I also got a vada of a bit of the athletes’ village, with surprisngly few flags. There was also a skyscraper attached to one of the blocks, which didn’t appear to be finished! Perhaps that’s in preparation for the buildings being sold off after the games. Considering they are apartments right in the middle of London, with fantastic transport links and some of the best sports facilities in the world literally next door, they are likely to go a long way towards paying for the cost of the games.
Then the walk went over a bridge, possibly over the river that David Beckham sailed down at the end of the opening ceremony. I got a good view of the main stadium and the, er, red thing.
I’d just assumed that “anybody with tickets” could get into the Olympic park, but I decided to check only once I was almost there did I decide to ask somebody. Having been told I couldn’t get in with a Wembley ticket, I decided to wander back into central London. I took a DLR train from the “Stratford Town Centre”, which fortunately wasn’t all that busy. I also saw a forlorn, abandoned jazz club. Couldn’t some lottery grant have restored this to retro-styled operation for the Olympics?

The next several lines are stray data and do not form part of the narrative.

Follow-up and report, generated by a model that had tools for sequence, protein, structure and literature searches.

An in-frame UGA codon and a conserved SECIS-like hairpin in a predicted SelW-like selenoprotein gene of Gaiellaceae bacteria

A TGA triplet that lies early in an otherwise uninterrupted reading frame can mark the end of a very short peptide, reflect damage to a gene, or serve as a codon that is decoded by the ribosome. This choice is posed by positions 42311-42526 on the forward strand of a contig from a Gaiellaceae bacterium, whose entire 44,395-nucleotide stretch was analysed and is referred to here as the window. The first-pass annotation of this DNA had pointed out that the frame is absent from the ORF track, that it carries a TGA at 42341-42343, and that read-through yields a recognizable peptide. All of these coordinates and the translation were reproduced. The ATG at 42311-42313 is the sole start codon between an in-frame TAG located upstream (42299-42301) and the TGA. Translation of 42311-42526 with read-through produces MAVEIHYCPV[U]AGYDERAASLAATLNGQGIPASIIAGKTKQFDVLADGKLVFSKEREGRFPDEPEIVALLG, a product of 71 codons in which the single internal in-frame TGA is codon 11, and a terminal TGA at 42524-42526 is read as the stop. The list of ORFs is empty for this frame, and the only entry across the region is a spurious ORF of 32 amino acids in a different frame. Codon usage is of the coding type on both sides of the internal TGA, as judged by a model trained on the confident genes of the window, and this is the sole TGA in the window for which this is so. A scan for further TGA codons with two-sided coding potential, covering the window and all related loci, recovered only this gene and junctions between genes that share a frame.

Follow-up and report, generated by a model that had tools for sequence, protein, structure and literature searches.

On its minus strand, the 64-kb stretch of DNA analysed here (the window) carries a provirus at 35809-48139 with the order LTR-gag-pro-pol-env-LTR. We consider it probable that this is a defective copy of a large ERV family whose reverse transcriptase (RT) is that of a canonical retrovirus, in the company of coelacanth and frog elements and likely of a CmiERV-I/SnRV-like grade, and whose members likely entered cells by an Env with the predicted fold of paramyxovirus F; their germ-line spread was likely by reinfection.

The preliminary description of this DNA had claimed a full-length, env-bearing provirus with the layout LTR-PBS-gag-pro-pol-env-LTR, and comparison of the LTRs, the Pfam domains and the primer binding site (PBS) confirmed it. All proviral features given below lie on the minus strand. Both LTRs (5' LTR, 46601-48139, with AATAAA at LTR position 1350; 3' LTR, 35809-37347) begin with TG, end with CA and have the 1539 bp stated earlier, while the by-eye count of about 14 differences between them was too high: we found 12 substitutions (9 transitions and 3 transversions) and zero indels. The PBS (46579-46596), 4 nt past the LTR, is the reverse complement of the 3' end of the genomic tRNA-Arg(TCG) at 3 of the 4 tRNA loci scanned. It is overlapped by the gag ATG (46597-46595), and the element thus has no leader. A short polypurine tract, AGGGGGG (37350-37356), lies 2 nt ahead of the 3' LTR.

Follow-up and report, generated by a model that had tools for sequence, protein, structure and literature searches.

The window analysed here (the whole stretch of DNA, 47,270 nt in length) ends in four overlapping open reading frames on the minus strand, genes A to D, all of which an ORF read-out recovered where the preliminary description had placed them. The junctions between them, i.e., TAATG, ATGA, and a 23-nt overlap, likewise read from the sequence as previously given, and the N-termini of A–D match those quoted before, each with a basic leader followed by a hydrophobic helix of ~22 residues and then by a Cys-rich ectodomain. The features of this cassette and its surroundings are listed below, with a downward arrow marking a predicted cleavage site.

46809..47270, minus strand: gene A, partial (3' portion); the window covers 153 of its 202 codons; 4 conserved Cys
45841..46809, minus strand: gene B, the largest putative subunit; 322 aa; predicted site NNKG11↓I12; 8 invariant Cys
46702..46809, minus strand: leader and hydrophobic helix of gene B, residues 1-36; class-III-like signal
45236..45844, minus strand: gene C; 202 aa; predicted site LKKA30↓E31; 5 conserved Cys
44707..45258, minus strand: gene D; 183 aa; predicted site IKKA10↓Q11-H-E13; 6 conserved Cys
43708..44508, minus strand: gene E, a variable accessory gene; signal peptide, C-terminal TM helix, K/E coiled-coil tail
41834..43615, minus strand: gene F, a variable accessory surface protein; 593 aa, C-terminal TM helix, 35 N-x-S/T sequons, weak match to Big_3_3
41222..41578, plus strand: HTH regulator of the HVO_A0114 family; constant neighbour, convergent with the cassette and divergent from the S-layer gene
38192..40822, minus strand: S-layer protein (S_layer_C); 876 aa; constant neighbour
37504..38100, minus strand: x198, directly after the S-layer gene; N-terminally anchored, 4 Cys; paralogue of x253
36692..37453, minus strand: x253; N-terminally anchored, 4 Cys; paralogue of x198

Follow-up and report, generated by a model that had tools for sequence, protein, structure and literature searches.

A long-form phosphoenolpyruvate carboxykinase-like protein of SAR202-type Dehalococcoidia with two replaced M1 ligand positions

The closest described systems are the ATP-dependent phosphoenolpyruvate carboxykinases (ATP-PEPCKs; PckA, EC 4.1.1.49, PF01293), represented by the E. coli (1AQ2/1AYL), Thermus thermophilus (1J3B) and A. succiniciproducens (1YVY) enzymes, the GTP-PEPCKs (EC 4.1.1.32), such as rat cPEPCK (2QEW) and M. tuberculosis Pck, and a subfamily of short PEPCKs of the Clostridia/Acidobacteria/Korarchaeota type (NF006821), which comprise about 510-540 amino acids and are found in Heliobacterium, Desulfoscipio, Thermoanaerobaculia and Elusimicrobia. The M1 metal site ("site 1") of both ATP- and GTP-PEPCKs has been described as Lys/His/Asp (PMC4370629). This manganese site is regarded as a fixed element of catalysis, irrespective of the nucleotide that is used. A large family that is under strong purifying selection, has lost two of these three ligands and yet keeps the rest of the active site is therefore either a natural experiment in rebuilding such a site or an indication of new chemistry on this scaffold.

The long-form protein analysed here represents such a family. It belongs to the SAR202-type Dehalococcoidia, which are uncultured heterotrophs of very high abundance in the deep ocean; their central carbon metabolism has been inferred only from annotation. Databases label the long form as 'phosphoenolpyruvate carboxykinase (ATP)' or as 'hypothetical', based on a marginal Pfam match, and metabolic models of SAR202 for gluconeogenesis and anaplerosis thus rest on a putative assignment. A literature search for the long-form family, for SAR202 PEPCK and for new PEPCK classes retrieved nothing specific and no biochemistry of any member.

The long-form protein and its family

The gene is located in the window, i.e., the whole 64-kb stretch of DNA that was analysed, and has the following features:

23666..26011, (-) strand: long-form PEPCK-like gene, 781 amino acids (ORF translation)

I ended up at London Bridge station, which I’d completely forgotten was right near the Shard.
Still, up-close it actually looks a bit crap, like an old greenhouse. They’ve also not finished part of the bottom XD.
Still, it does appear to be resting on Victorian brickwork
After a bit of a wander around, most of which was spent looking for a Lynx Bullet mini-deodorant (like I said, hot trains!), I found a big screen! It was right near Tower Bridge, so I stayed there and watched Jade Jones get through to the Taekwondo final (which she won!). I also watched the award of the first ever women’s boxing gold medal, to Nichola Adams, a Briton who will never be forgotten!
Oh yeah, also nearby there was a war museum, with my favourite propaganda poster reproduced on the outside:
Though that one with stylised Hitler faces on wallpaper is also funny.
There was also the flag of a country that has, for various reasons, never actually competed at a London Olympics:
Anwyay, after watching the big screen for a while, it was time to stroll over Wembley. I took the grey line, which was a bit of a mistake. It still used old trains with seperated carriages, and had lots of stops, at which ever more passengers crammed aboard. It was very hot! I got to Wembley Park again, to find it crammed full of people this time, most of them waving American flags XD. Still there was some Japanese people in kimono who seemed surprised to see me with their own flag. I began to walk towards the stadium, the big pathway now full of people, with lots of groups of Americans chanting U.S.A! U.S.A! There was a few Japanese supporters crowded around a big flag though. I ought to have learned that famous, intimidating Japanese propaganda march and got them singing it: